With all due respect, you're very naieve. Talk to virtually any practicing Catholic who lived before 1970, especially those who miscarried children or gave birth to children wh odied before baptism. Women took dead babiues to the church in desperation to get them baptized, telling the priests they were just sleeping. Women who miscarried would force their wracked bodies to the kitchen sink to get some water in their hand so they could baptize the blood-clots coming out of their vaginas, and long after mourning and grieving over a child they never knew, and whose baptismal status was always a mystery.

The pre-Vatican II generation was KEENLY aware of Limbo; and were afraid of it.

Obviously, there's always exceptions . . .
Scott Carson said…
Eric

Thanks for your comment!

I'm not really sure what you mean by "naive"--I suppose there have always been some people who have worried about such things (as beepbeepitsme's comment makes clear enough), but it sounds like you're refering to a rather limited sample from a rather recent generation, whereas I was talking about the historical record going back to the origins of the theologoumenon itself. In that record there is very little evidence that this was a very major worry for the laity at large.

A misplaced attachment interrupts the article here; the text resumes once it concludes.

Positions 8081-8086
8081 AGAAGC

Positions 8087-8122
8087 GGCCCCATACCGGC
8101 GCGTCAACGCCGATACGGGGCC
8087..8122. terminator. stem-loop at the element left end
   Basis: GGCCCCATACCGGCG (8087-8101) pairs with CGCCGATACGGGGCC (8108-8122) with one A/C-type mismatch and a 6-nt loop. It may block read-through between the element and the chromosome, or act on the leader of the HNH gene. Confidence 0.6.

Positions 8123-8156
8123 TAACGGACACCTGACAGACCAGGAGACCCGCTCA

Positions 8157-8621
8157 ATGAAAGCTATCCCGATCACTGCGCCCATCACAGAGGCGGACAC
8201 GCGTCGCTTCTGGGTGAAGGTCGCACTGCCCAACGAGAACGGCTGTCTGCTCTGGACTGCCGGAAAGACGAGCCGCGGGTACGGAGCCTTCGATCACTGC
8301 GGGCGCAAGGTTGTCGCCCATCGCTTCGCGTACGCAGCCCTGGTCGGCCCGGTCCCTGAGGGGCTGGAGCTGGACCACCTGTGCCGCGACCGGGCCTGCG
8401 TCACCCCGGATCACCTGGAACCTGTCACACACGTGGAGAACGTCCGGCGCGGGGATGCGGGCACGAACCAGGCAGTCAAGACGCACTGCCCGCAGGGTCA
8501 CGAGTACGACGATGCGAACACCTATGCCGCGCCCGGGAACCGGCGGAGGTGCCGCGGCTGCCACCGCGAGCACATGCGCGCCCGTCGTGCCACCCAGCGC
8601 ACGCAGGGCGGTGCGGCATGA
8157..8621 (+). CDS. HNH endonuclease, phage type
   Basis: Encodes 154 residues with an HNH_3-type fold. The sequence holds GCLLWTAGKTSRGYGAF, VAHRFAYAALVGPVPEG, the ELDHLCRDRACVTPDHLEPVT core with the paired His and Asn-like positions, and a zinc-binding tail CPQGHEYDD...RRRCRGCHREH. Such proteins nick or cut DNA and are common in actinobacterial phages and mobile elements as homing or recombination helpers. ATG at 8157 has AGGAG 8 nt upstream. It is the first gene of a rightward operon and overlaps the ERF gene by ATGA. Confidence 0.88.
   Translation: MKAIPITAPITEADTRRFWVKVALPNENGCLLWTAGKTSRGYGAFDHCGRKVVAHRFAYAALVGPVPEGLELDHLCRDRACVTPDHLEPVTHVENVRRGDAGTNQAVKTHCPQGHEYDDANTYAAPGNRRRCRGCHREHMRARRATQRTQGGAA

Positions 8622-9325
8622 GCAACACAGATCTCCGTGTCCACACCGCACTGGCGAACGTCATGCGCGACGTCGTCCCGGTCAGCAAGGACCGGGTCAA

Having said that, I would dispute your contention that it is been a major concern even recently. While I am sure that there have, indeed, been a few persons who were worried about it, your claims about women taking dead babies to church are purely anecodotal. That kind of thing surely went on, and it may have been fairly common in some neighborhoods, but to claim that it was a major worry for the laity generally is simply not supported by any genuine empirical evidence. I would say that these would be the "exceptions", not the folks who were less worried.

Furthermore, it's not at all clear to me that, even among those who did the sorts of things that you talk about, the fear was really a fear of limbo per se, or a concern with the teaching. It's rather a superstitious fear of death that you're seeing evidence of there--fear and a kind of magical thinking. It's the same kind of magical thinking you find in folks who worry about the difference in the Canon between "for all" and "for many", as if God is some kind of automaton bound by the words we say rather than the author of the sentiments that we express.